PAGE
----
The mainstream media, with the assistance of Democrats and some RINOs, have been lambasting about ‘election deniers’ for going on two years – using the label as some kind of pejorative to smear officials, candidates, and everyday people who have lingering concerns, questions, and doubts regarding the reliability of the 2020 election results.
Among those mainstream media outlets that have maintained the 2020 election was on the up and up is Politico. But now, that very same news outlet is attempting to sow the seeds of doubt mere days before the 2022 midterms with claims that this upcoming election is under threat of various “security” concerns – including the possibility of hacked voting machines.
Politico bears no shortage of assertions that the 2020 election was secure and accurate over the past two years, often dropping articles emphasizing that anyone latching on to claims of impropriety in the aforementioned election cycle is essentially delusional.
In a September 2021 piece from the outlet aimed directly at those accused of spreading “the Big Lie,” contributors David Siders and Zach Montellaro wrote, “It started as one big, false claim — that the election was stolen from Donald Trump. But nearly a year later, the Big Lie is metastasizing, with Republicans throughout the country raising the specter of rigged elections in their own campaigns ahead of the midterms.”
Moving forward to a November 2nd, 2022, Politico article penned by Mark Scott, the article bears the title of “‘Stolen election’ conspiracies already spreading ahead of US midterm,” followed by a brief synopsis among the header reading, “POLITICO analysis shows election deniers already spreading doubts about the integrity of the November 8 vote.”
Funnily enough, merely five days after Politico dropped the abovementioned article decrying “conspiracies” of the prospect of elections being meddled with, the outlet published an article titled “6 election security threats to watch for on Election Day.”
Politico contributor Eric Geller claimed in the November 7th piece that “The midterms face a bevy of digital threats, from stolen Twitter accounts to hacked election websites,” before plugging the expected disclaimer of, “The 2020 presidential election was rife with allegations of voting machine hacks that were later debunked.”
But that isn’t where this piece from Politico ends because the contributor forewarns of something that is taboo to attribute to the 2020 election: the potential threats posed by “hackers” who might “tunnel into voting equipment and other election infrastructure to try to undermine Tuesday’s vote.”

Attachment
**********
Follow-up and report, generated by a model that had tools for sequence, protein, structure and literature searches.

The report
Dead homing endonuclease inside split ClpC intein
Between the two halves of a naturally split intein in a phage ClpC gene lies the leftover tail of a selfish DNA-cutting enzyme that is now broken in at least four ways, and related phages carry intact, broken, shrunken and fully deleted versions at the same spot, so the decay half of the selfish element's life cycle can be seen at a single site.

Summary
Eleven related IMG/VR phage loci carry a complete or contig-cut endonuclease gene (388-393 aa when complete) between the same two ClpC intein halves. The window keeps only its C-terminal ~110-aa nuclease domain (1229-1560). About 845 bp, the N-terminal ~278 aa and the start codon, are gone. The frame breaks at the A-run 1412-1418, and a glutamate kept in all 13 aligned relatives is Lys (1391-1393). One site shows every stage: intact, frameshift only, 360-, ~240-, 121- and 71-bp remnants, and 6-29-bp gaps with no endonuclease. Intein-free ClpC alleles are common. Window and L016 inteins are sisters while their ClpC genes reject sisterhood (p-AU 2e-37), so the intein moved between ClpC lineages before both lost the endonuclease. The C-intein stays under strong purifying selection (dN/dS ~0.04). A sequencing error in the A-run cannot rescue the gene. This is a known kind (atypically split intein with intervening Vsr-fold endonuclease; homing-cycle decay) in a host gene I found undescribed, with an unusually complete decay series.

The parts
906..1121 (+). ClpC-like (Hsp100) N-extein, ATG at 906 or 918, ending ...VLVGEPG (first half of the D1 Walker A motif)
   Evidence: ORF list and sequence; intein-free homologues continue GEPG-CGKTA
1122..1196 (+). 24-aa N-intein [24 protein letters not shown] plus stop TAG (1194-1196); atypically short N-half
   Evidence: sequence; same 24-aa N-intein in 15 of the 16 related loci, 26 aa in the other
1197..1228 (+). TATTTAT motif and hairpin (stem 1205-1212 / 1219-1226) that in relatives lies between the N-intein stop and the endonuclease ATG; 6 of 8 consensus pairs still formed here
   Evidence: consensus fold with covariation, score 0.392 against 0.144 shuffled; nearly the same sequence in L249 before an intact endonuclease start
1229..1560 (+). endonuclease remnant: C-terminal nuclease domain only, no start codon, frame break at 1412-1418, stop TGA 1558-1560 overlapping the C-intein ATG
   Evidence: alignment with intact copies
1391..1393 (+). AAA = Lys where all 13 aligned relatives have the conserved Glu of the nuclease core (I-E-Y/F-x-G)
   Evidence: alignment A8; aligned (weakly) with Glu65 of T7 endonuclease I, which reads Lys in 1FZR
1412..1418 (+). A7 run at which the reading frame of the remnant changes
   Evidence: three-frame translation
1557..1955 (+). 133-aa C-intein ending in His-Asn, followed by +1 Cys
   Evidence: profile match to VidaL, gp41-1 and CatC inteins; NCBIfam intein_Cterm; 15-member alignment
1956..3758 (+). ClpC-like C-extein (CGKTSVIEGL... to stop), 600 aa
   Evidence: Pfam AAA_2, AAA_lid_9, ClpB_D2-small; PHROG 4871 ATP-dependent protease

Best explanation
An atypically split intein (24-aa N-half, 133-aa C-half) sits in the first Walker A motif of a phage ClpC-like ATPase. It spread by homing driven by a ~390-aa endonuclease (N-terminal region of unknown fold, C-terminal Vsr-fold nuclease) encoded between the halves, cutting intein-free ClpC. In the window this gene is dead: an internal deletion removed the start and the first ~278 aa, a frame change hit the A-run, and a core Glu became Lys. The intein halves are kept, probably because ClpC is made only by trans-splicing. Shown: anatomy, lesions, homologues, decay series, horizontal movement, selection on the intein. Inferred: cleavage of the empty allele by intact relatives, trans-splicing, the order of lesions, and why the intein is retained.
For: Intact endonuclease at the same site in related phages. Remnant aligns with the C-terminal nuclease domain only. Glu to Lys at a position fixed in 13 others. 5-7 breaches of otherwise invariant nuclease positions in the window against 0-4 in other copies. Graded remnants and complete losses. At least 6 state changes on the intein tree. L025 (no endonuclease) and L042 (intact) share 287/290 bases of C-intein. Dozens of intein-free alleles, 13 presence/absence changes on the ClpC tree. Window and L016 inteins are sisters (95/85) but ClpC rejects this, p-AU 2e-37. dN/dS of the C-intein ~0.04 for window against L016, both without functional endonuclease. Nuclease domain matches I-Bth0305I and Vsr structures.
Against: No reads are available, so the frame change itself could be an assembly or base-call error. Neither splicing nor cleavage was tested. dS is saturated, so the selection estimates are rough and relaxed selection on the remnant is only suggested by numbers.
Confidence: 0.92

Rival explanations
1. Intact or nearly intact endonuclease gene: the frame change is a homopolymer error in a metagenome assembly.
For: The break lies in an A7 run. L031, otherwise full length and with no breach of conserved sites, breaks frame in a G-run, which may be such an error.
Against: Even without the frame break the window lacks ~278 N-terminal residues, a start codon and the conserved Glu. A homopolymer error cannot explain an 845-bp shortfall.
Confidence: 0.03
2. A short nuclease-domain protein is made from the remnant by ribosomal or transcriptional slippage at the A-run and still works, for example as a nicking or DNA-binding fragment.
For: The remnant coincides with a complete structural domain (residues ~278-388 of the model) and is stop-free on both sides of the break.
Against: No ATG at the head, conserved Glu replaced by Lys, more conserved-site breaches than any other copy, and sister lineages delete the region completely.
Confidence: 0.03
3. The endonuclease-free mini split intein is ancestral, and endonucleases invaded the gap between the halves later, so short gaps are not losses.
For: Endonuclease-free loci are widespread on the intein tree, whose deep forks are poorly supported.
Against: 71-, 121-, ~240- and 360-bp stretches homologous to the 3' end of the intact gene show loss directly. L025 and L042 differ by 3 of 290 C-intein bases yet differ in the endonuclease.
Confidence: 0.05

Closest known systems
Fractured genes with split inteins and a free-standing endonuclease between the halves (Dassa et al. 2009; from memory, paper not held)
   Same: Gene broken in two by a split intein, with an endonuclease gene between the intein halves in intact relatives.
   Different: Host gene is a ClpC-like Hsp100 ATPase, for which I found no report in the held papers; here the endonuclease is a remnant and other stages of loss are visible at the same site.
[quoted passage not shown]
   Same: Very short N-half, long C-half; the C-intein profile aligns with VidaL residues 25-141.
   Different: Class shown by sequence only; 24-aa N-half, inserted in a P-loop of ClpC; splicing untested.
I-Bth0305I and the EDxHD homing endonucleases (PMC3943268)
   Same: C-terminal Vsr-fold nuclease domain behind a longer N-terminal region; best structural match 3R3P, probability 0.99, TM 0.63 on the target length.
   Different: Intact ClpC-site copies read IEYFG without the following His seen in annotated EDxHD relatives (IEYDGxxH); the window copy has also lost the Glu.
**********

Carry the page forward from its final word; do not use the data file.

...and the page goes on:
Oh boy, this is truly golden – Politico is claiming that voting machines are now susceptible to the likes of hacking but yet maintains that entertaining such thoughts in regard to the 2020 election is conspiratorial hokum.
Per the article in question, Geller continued on the potential for election funny business via hacking, writing, “At least seven states and Washington, D.C., use wireless modems to transmit unofficial election-night results to their central offices. These modems use telecommunications networks that are vulnerable to hackers, and malicious actors could exploit them to tamper with unofficial vote data, corrupt voting machines, or compromise the computers used to tally official results.”
Politico is pulling quite the convenient pivot toward embracing election skepticism when Democrats are poised to be on the proverbial chopping block during this midterm cycle.
But this sort of narrative shifting by Democrats is par for the course, as the party and their mouthpieces in office and in the media have historically been able to peddle election denialism talking points if those talking points are used to discredit or delegitimize Republican candidates or officials.
It’s not as though the 2016 election cycle (and the years following the outcome) is some kind of distant past, and Democrats, along with their cohorts in the media, spread all sorts of wild claims that alleged foul play and fraud tainting the election that led to the Trump administration.
Take, for example, a piece from CNN back in November of 2016 that claimed: “top computer scientists” found evidence of voter fraud “in Wisconsin, Michigan, and Pennsylvania,” urging for a forensic audit. And the vulnerability this CNN article pointed to at the time was none other “electronic voting machines,” which “could have been manipulated or hacked.” Months before the 2016 election, CNN released another report claiming “how electronic voting machines could be vulnerable to hackers.”
Come October of 2022, CNN released a report mocking Spalding County Board of Elections Chairman Ben Johnson over his claims that Joe Biden “is an illegitimate president” and the fact that Johnson “has called for banning electronic voting machines.”
A picture perfect example of election denialism gone unchecked to the extent Republicans suffer is failed Democrat Georgia gubernatorial candidate Stacy Abrams, who peddled stolen election claims after losing her run for office back in 2018. And when comparisons are drawn between Abrams’ stolen election claims about her 2018 run for office versus Trump and his supporters’ claims regarding the 2020 election, Abrams claims the two cases are “very different.”
Democrats and their allies in the media get to play this game without any sort of backlash – when their party is at risk of losing an election or outright loses one, then they get to bullhorn claims of election interference or manipulation. But whenever Republicans make the same assertions, Democrats and the media cry foul and label perpetuators of said claim as being a threat to democracy.
It’s a sort of psychological and information warfare being perpetuated by the left and the institutions backing them – promoting claims of election fraud or interference to their base when convenient, then labeling Republicans who raise concerns of such as being untrustworthy election deniers.